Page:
The Silent Stand In For The Queen You Never Knew About

the queen
the queen
(Image credit: Rex Features (Shutterstock))

Given the massive range of royal events and engagements the Queen is required to undertake every year, and the fact that each and every one of them needs to be co-ordinated and prepared for down to the very last detail, being the country's leading monarch is extremely time consuming.

No detail of a special royal event goes unnoticed, especially when the monarch herself is involved. And it turns out that broadcasters are so keen to ensure each event goes without a hitch, they need the Queen there during the rehersal, too. But as her busy schedule won't allow for this, they've got the next best thing - producers hire a stand-in for the Queen in order to plan properly for big events such as the Cenotaph ceremony and the State Opening of the Parliament.

Ella Slack is the 74-year-old lady who has committed much of her life to the role of 'stand-in Queen', regularly acting as a ‘rehearsal Queen' for broadcasters when they are planning the transmission of big royal events the world over.

It's not your typical 9-5, so how did Ella get into such a job? Well, Ella started off as a manager for the BBC's sports and events department, which also took charge of broadcasting royal events.

Speaking to media companyGreat Big Story, Ella revealed where it all began. She said,"It started because I was at the BBC and the producer who was doing The Cenotaph came to see me and said that the Queen had sent a message to say, when she stood at the Cenotaph, the sun was in her eyes, and so could we do anything about it?

"Well, I said to him, would you like me to come and stand in the position for you because all the stage managers were six foot men. And then that led on to other things. I went in her royal carriage and rode on the boat up to the Tower of London."

Ella also revealed that media bosses used her in the role as she's a perfect match for the Queen in looks, frame and height, and so makes for the perfect substitute Queen when the real monarch isn't available.

She also revealed that she's been the first port of call when broadcasters are planning for a myriad of important state occasions, including the Trooping of the Colour, the annual birthday celebration for the Queen where she and the entire family appear on the balcony of Buckingham Palace.

But Ella admits that there are strict rules about what she's actually allowed to do in role - and that she's not quite allowed to enjoy the privileges that the Queen herself does.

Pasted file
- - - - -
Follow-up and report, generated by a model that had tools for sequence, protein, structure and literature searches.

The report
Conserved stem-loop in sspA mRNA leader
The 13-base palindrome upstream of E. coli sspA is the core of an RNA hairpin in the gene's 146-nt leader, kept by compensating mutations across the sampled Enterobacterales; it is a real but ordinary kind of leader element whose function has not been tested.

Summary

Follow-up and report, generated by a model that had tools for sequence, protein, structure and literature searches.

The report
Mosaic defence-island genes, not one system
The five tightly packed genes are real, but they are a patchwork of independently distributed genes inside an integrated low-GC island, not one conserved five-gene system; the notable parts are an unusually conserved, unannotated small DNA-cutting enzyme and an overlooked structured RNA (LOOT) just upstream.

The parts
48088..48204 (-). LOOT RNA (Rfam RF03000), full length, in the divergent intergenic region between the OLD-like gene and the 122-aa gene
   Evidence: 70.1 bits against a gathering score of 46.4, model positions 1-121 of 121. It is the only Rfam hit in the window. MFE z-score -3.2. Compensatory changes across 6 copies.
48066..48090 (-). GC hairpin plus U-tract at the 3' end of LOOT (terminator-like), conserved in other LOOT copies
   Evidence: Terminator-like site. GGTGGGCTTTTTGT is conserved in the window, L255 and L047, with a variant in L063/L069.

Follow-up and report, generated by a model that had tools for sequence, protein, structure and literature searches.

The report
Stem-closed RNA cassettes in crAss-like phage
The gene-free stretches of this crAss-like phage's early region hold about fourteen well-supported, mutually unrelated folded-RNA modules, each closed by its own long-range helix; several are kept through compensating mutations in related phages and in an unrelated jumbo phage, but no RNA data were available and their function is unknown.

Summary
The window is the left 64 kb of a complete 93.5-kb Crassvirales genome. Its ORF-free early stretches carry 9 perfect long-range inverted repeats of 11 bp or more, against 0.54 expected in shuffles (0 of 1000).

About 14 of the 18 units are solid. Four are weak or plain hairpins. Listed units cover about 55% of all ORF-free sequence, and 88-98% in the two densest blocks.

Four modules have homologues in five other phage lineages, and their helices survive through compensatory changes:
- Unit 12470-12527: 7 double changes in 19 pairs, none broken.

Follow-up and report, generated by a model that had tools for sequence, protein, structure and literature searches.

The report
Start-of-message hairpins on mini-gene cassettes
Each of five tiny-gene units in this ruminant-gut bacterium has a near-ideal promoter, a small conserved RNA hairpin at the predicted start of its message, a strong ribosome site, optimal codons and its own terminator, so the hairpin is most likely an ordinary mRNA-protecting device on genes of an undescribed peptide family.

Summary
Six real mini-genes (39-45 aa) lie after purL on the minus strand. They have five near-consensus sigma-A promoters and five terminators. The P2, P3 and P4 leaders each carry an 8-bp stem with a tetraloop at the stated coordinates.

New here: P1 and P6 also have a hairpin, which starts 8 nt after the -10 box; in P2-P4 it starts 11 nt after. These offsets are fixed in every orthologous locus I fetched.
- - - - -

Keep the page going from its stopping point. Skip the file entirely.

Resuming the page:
"And then there will be the state opening of Parliament. I've never been allowed to sit on the throne in the House of Lords. I have to lurk above it - it's a very strict rule. If I'm in a carriage or a car, I will wave.

"The events that I've been helping with are events that are transmitted worldwide, and millions of people are going to watch. I look afterwards, and watch the programs going out, and I'll see her there, and think, I did it for you."

(Ella standing in for the Queen in the royal box at the Royal Albert Hall)

But despite the excitement, she admitted that it's a job often not with its nerves, saying, "I do get very nervous, especially in the Royal Albert Hall when they are going to do God Save The Queen and I know I will be in close-up. But how many people in the world can say they have done something like this?"

During the time she's acted as royal stand-in, Ella has even met a few members of the family, including the Princess Royal, Princess Anne.

Despite doing this for the past 30 years however, this actually hasn't been Ella's main job, and remarkably, she doesn't even accept any payment for doing it.

But clearly Ella's not too bothered about reimbursement, and instead describes the role as a "pleasure and an honour".

She's evidently a fan of the Queen herself too, admitting "Everything the Queen does is practised because it has to be timed to perfection,

"She's never made a single mistake. She's truly a remarkable woman."

Amy Hunt

Amy Hunt is an experienced digital journalist specialising in homes, interiors and hobbies. She began her career working as the features assistant at woman&home magazine, before moving over to the digital side of the brand where she eventually became the Lifestyle Editor up until January 2022. Amy won the Digital Journalist of the Year award at the AOP Awards in 2019 for her work on